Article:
The weekly food bill for Canadian families averaged $16.48 in July 1920, Canadian Press reported, October 1, 1920. Food costs had more than doubled from $7.75 per week in December 1913, thanks to rapid inflation induced by the First World War.
The average family budget in July totalled $40.76 per week, according to data from the federal Department of Labour. In addition to food, other items in the weekly budget included fuel, $8.64; rent, $8.38; clothing, $7.38; sundries, $6.50.
The hot pace of inflation, however, appeared to be cooling. In August, the weekly family budget declined by 33 cents.
Overall, the cost of living in both Canada and the United States increased by a reported 105 percent in less than seven years. Other countries were hit harder. In Britain, the cost of living had increased by 152 percent; in France, by more than 250 percent; and in Milan, Italy, by 348 percent. In Germany, the worst was yet to come, with perhaps the severest hyperinflation the industrial world has seen. From mid 1922-to mid 1923, the cost of living increased more than 100 times, and then exploded much higher. Before the end of the year, one Canadian dollar would buy about 380 million German marks; a loaf of bread cost three billion marks. A wheelbarrow would not hold enough single marks to buy a week’s groceries.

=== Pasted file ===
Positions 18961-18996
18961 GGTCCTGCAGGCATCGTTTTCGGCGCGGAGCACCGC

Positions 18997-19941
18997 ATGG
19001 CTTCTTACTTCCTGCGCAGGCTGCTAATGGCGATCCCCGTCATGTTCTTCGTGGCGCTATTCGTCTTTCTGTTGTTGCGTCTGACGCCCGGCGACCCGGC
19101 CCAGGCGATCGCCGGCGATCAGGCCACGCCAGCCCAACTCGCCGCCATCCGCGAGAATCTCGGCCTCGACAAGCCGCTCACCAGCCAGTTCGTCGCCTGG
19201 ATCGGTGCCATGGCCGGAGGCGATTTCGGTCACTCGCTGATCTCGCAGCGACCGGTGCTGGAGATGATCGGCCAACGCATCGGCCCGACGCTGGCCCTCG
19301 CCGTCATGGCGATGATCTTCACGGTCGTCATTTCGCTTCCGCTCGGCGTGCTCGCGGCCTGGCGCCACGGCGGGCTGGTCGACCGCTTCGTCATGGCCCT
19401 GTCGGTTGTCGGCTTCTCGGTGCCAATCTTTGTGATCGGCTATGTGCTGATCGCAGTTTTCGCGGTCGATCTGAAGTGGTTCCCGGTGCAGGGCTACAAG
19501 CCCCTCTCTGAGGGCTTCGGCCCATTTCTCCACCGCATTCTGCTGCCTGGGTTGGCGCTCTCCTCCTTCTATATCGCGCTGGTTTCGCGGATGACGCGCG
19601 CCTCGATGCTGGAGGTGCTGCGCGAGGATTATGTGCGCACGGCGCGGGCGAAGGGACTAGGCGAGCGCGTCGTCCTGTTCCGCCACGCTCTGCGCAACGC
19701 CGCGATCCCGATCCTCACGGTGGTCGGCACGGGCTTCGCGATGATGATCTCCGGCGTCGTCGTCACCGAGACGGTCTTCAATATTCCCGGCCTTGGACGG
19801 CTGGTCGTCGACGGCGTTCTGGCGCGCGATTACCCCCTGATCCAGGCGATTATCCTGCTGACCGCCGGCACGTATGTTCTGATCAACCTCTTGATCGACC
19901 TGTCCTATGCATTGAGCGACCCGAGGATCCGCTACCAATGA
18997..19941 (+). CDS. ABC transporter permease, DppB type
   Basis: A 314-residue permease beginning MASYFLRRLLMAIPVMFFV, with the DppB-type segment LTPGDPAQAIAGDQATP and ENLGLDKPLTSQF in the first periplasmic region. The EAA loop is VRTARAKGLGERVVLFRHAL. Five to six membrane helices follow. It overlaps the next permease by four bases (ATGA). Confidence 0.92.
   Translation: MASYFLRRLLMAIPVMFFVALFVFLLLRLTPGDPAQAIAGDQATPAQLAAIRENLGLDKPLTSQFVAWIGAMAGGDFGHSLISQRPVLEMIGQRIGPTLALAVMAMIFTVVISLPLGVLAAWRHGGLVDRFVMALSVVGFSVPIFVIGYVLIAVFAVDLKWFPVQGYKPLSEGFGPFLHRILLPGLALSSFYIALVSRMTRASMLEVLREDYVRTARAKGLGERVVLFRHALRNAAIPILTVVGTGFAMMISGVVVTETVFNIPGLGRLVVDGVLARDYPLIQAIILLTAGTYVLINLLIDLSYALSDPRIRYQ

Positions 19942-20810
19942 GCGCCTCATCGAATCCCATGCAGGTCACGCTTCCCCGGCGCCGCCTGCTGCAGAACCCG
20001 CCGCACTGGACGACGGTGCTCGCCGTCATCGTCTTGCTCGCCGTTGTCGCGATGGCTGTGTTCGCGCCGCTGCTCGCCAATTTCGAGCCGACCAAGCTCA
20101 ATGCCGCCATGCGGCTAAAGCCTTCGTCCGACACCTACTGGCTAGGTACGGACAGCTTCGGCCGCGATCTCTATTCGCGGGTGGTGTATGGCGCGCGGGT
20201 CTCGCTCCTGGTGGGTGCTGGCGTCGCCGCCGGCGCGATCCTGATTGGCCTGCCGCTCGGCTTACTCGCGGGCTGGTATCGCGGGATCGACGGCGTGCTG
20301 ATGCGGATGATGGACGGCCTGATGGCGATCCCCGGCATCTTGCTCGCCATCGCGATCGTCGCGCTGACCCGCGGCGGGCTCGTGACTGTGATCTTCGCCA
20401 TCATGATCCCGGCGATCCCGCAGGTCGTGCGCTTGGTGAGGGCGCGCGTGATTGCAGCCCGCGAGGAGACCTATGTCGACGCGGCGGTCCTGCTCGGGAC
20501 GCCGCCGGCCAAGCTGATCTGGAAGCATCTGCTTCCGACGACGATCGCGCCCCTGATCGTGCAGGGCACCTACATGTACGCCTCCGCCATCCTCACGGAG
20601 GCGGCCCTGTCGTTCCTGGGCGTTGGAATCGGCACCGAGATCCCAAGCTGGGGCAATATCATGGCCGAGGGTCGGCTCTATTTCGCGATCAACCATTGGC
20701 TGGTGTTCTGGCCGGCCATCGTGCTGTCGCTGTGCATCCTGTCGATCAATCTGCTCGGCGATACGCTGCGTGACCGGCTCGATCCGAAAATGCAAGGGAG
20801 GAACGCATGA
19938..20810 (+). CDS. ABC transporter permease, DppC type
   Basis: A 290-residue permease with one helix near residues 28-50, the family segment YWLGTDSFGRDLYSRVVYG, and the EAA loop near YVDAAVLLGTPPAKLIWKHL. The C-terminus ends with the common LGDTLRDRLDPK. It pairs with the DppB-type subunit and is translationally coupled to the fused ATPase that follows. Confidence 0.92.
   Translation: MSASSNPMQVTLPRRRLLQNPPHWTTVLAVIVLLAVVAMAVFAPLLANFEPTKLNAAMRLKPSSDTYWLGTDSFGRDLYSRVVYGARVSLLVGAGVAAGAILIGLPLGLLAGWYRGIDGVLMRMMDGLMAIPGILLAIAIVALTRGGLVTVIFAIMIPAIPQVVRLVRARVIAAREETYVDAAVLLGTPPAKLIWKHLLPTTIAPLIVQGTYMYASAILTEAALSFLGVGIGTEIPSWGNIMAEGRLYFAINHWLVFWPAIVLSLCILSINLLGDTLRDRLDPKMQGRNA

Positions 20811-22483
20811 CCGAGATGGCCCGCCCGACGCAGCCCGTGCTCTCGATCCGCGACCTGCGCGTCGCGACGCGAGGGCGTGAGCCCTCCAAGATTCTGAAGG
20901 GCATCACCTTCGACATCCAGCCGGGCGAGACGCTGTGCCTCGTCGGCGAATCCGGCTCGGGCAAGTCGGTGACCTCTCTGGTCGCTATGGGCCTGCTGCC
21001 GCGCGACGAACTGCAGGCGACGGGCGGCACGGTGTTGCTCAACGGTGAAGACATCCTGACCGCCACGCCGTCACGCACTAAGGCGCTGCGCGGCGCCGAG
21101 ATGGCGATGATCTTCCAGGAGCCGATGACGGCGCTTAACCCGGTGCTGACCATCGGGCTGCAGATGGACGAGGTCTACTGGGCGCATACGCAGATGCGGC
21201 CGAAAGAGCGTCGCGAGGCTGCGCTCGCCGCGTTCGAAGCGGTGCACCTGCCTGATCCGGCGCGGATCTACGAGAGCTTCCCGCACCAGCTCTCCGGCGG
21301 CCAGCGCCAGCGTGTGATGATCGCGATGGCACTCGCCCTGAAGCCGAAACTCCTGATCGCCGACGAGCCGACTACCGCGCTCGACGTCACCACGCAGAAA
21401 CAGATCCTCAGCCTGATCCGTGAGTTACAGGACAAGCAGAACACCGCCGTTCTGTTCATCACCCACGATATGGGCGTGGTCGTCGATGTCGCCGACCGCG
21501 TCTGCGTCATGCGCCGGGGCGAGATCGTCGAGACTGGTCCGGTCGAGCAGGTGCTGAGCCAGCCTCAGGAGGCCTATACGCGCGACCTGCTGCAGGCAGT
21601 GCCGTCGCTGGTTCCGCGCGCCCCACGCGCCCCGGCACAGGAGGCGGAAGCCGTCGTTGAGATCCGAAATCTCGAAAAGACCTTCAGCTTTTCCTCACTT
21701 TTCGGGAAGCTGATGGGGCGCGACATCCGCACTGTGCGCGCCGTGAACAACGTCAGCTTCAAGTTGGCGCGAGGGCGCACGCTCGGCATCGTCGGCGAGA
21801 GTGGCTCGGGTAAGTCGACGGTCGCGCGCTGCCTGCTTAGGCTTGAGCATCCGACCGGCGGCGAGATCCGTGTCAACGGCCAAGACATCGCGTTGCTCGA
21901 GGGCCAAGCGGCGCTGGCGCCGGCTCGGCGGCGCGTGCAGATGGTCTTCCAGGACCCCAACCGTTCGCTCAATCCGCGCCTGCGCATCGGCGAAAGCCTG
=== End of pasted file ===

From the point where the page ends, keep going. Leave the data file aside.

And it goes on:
Although nothing like the Germans, most Canadians were also hurt by inflation, as prices increased more than incomes. A decade later, there would be far greater pain and suffering from the opposite cause, disinflation. In the Great Depression of the 1930s, prices fell sharply but most incomes fell even more. At the peak of the Depression, nearly one in four Canadian workers were without jobs and many others saw their earnings fall. Farmers, workers and business could not sell all they produced. Farmers used butter for axle grease.
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